If you are interested in my internships in government so far and wondering what skills may be necessary for these positions, below I’ve listed some hard and soft skills that I’ve learned and found to be essential.
Research & Analysis
In the information age, research is essentially an expected duty of any intern ever. But how much research do you actually need for your position, and what research skills do you currently have?
When reading the job posting, be sure to look for specific research skills that are needed for the position. For more general internships, your academic research is sufficient. But for positions that explicitly say “research” in the title, be sure to highlight specific projects that are relevant to the position in your resume, i.e. senior thesis, major papers, publications, etc., and familiarize yourself with the works of other experts in your field (Brookings, the Council on Foreign Relations, Congressional Research Service, and Foreign Policy are good places to start).
For an internship in government, keeping yourself updated with current news is expected. I recommend subscribing to these daily newsletters: New York Times Morning Briefing, Foreign Policy Morning Brief, Human Rights Watch Daily Brief, or at the very least, theSkimm. I also have the AP News app and follow journalists on Twitter for breaking news.
Writing & Editing
Along with research, interns are also expected to do writing and editing work. It is essential that you brush up on your writing skills and be highly attentive to detail when editing other people’s work. One of the most helpful guides in writing that I’ve come across in my academic career is The Elements of Style by Strunk and White (my two English-major-graduate best friends told me this was their Bible in college). The Kindle version is only $2.99 (the paperback and used versions run less than $10), and I swear to you–if you are still in school or contemplating going back–it will be the best $3 you will ever spend in your life.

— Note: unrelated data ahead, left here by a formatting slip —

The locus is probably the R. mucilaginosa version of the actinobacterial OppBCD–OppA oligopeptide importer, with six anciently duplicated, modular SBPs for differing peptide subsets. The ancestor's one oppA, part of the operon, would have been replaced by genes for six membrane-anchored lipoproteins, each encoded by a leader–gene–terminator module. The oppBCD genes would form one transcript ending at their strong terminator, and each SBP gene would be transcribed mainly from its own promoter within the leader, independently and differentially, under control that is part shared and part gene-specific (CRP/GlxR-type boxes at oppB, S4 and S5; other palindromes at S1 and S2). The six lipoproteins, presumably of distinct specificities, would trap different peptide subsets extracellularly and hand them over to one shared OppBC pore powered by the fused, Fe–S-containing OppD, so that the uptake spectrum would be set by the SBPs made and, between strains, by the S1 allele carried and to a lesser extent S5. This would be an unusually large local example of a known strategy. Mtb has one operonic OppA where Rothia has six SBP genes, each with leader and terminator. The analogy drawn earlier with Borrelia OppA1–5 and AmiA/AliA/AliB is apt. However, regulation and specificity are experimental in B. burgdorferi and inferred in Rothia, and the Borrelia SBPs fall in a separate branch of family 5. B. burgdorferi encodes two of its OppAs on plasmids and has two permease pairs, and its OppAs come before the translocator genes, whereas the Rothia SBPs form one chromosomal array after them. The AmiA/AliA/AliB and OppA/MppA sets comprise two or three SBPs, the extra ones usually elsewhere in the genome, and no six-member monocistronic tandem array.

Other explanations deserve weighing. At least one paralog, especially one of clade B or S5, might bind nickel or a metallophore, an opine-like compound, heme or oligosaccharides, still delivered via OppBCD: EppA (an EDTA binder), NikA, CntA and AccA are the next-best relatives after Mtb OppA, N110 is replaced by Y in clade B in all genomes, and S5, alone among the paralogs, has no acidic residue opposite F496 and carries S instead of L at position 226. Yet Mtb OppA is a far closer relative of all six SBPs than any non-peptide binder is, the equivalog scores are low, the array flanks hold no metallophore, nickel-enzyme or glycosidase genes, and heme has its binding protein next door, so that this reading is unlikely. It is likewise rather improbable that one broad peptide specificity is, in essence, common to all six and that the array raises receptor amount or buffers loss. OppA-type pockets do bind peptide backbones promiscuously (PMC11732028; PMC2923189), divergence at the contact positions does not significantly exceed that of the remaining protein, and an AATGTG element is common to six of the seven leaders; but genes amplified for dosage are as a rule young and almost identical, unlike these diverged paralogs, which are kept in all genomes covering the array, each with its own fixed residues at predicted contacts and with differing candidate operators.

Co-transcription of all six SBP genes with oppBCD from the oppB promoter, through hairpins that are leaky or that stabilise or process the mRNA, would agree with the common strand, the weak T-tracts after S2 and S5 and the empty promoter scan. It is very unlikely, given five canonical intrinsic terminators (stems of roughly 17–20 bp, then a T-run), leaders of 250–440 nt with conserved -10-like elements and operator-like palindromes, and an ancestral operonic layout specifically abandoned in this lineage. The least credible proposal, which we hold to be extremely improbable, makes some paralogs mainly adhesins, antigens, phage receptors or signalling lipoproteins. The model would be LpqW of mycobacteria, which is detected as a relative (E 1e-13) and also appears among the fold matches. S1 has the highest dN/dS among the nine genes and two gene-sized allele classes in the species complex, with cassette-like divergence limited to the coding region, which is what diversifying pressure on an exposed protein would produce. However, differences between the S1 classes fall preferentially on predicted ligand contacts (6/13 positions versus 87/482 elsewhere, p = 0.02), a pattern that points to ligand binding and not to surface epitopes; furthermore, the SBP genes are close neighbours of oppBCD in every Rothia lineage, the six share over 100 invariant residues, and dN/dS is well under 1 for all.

It also helps for you to have, or at least start, a writing portfolio. It can be as simple as keeping up with a blog or as complex as a peer-reviewed article. I’m grateful that my professors at the Elliott School this past semester made me write op-eds for their classes. While writing long papers is important as an academic exercise, particularly if you are thinking of obtaining advanced degrees, I find more and more in my work that succinct writing is the way to go. On The Hill, the legislative staff members I worked with preferred their memos to be one page long. At DOL, one of my colleagues advised me that interagency emails should be “short, simple, and to the point.” Writing op-eds is a great exercise to achieve these objectives. Plus, having published work would make you an even more excellent candidate.